As eight-year-old Marylou Shirar made an apron and hemmed a tea towel for a 4-H project, she had no idea that she was setting in place the foundation for the rest of her life. Shirar joined 4-H in Madison County, Indiana and was actively involved with the 4-H program until her retirement from cooperative extgension work in 1992.
The program’s influence on her life was significant. “4-H was a huge part of forming my life,” says Shirar. “It helped me establish some goals and was instrumental in my having a career.”
Shirar was an active 4-H member for ten years before becoming a junior 4-H leader and then an assistant 4-H leader. The summer before her senior year of high school, her extension agent took her to Ball State University in Muncie, Indiana.
It was a trip that would affect her course in life. “We walked around the campus, had lunch, and that’s when I decided to go to college,” said Shirar.
Upon graduation from high school, Shirar attended Ball State, where she received her Bachelor of Science degree in Vocational Home Economics. Her first job after college was as a home economics teacher. She stayed very active in 4-H programs as a judge and consultant.
After moving to Florida, Shirar became an extension agent in Hardee County for a year, and then moved to Palm Beach County, where she remained for 29 years until her retirement in 1992.
She found great satisfaction in her work. “Working for extension was such a great opportunity for me,” said Shirar. “I liked working with people. I got to develop new programs and pilot new programs. Being an agent, I met and worked with some very wonderful people, and have had the opportunity to see kids grow into very functional adults. And, best of all, it was something I liked to do. I can’t imagine these people who go to work every day and don’t like their work. I enjoyed my career very much.”
While working as an extension agent, Shirar hosted a local NBC program called “South Florida Almanac” for eighteen years. The show highlighted local 4-H and other extension educational programs and events, as well as happenings in the community. She also wrote a weekly column for the Palm Beach Post newspaper about 4-H and other extension topics.
While working for 4-H, she also completed a Master’s of Education in counseling and guidance. The coursework for her degree taught her even more about how to work with people and motivate them..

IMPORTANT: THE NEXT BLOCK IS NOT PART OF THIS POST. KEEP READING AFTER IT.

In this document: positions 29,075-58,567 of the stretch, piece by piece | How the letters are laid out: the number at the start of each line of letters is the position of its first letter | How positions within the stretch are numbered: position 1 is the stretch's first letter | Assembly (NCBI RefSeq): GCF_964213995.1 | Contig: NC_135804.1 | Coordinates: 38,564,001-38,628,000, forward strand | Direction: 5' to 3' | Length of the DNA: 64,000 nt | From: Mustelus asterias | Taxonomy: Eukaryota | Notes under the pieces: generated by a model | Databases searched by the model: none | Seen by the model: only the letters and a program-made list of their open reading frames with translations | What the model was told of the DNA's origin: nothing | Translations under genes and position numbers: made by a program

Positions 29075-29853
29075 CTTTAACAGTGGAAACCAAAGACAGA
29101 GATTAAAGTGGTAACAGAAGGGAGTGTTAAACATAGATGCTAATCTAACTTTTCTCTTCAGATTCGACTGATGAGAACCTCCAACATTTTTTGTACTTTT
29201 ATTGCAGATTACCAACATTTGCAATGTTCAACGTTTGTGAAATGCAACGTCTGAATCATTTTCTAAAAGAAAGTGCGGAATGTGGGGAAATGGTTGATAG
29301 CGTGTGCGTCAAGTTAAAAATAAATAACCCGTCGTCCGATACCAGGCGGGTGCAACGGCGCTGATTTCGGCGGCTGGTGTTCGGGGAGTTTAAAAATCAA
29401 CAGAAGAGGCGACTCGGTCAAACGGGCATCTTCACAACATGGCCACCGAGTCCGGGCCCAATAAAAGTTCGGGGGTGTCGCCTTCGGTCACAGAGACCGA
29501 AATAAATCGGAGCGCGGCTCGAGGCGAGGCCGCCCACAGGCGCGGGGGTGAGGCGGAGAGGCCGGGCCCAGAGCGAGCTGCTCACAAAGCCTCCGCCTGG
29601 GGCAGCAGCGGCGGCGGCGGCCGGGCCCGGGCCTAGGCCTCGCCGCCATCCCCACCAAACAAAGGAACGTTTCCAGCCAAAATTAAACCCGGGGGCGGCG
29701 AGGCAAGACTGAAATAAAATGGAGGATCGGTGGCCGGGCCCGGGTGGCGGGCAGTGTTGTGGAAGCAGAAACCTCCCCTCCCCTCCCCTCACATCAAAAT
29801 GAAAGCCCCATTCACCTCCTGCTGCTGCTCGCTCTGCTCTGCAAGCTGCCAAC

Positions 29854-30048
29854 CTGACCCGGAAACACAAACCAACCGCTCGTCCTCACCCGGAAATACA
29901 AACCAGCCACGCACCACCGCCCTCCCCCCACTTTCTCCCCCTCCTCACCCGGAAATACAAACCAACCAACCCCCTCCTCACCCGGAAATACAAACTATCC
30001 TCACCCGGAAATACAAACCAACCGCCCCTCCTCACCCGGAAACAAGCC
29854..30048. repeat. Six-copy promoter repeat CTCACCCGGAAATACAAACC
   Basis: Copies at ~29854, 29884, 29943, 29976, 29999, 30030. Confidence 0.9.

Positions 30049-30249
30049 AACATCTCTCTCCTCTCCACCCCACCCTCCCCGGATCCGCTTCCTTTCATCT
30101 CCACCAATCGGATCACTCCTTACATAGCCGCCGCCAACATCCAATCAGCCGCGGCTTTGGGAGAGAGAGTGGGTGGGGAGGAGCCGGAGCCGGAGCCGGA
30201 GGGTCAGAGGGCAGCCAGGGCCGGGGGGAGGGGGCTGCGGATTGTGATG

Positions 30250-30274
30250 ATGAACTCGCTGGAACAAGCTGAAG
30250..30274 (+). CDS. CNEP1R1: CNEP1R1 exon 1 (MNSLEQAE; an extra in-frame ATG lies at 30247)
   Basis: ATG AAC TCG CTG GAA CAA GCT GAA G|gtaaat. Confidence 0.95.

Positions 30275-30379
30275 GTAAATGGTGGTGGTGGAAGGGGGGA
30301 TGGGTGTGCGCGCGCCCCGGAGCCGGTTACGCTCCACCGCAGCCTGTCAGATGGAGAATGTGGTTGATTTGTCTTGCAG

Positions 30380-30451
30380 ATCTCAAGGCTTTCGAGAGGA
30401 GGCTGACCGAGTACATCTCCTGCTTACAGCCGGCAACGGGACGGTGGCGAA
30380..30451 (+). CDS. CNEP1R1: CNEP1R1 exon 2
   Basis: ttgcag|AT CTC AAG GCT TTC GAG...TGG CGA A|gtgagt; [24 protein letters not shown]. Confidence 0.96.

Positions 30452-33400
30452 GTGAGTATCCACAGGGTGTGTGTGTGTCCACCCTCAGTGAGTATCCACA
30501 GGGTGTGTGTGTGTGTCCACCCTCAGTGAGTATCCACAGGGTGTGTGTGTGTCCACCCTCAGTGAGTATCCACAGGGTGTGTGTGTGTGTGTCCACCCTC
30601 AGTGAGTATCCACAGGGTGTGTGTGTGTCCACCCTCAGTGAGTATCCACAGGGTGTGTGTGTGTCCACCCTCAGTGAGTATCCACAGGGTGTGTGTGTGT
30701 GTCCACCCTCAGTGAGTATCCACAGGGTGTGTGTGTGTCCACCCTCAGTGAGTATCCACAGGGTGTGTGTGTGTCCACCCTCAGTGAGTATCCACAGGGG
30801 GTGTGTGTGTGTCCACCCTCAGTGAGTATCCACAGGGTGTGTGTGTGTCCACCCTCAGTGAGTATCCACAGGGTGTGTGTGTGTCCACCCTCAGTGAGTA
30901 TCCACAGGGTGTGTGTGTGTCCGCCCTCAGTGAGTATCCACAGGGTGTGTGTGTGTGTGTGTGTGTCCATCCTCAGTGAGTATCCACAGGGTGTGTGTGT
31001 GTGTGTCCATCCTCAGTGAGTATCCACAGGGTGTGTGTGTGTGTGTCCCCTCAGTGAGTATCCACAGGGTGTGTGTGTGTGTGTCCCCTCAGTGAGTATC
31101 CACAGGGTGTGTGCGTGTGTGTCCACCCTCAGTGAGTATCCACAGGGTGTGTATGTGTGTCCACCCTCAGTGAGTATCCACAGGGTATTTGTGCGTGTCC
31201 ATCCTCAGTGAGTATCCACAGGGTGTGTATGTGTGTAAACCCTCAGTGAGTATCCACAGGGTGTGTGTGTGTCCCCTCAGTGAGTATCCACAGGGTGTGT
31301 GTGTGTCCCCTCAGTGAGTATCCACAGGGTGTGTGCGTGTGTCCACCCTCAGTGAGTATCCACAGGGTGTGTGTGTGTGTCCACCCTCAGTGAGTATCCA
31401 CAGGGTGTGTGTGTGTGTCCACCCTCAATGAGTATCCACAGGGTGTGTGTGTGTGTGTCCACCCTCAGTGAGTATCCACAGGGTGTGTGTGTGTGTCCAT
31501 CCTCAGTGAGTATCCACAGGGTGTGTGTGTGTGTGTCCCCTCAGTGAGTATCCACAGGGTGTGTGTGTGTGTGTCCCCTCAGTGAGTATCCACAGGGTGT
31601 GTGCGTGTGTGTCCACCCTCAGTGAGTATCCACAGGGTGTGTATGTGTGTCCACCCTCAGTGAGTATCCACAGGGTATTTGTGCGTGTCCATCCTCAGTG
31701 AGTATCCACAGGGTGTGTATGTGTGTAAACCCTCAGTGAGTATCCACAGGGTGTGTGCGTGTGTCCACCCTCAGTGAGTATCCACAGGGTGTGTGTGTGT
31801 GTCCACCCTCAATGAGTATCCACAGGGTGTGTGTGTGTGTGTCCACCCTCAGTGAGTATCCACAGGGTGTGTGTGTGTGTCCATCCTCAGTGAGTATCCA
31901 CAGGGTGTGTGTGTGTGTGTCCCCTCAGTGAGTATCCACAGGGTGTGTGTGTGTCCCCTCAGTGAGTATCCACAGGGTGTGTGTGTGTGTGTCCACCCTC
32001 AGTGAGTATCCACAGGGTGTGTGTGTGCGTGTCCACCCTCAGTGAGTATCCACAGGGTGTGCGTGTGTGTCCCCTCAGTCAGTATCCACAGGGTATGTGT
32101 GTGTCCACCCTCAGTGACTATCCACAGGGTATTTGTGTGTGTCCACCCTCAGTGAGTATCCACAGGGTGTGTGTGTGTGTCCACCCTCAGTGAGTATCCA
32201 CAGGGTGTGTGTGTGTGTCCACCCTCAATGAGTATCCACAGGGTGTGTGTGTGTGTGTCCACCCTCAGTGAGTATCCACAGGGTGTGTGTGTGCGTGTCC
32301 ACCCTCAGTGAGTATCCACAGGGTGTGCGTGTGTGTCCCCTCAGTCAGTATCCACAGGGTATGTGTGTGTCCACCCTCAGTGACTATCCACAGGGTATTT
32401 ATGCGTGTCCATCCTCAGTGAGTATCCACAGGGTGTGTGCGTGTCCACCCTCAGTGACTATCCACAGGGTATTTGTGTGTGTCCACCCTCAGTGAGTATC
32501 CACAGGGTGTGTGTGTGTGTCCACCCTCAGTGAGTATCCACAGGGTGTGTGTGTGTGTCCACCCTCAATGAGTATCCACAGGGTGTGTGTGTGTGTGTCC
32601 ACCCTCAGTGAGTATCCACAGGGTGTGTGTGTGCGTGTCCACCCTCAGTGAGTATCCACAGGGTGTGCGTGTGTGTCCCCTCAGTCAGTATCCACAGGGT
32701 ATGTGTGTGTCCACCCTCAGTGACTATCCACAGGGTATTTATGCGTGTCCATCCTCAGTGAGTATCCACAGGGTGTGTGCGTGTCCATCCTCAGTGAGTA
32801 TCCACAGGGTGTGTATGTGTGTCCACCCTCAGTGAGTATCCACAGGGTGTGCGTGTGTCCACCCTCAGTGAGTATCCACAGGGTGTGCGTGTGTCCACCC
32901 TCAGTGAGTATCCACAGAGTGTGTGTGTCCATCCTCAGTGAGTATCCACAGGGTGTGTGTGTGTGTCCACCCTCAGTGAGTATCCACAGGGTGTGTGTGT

Facilitating professional development for extension youth workers was important to Shirar, who advocated for continual learning and development opportunities throughout her life. Shirar served as president and vice president of the Florida Association for Extension 4-H Agents. She assisted in hosting the national meeting for 4-H agents in Florida in 1981, which was no small task. As a result of the meeting, 4-H agents returned to their work refreshed and with new knowledge to help young people.
Her work in Palm Beach County was creative and useful to 4-H volunteers and youth. She worked extensively to initiate a school enrichment program involving many disciplines. Local schools could choose from more than twenty classes, and program assistants were hired to teach and support these programs. Shirar and her staff also developed several project books including “Adopt a Tree,” “Growing Radishes,” and “Flower Arranging”. Shirar also served on several statewide planning and policy committees for 4-H.
When asked if she still believes 4-H is important for kids today, Shirar just laughs. “Oh yes,” she says. “4-H teaches a lot of skills that many other kids don’t have. These kids learn decision making, comparison shopping, and even functional skills like hemming a skirt. In today’s society kids go off to college and don’t know how to start a washer – basic day-to-day living skills are in 4-H.”
Shirar says growing up in a rural area made 4-H participation vital to her social and emotional development. “Growing up in the country, 4-H gave us an opportunity to communicate and be involved with people in different situations,” said Shirar.
Drawing from her own experiences, she sees great promise in today’s 4-H programs. “While 4-H has now expanded into urban environments as well as the school system, it still serves that need. There may be more subject matter, more versatility, more educational materials available to people, but 4-H is still helping kids and that’s the first thing.”
Shirar believes 4-H helps young people in profound ways, and even the adults and volunteers who work with them. “It helps them develop skills and exposes them to new situations. It helps build confidence. And many times it’s not just the kids who learn these things. I’ve seen many leaders and volunteers over the years who have grown right along with the young people. 4-H is still a people program.”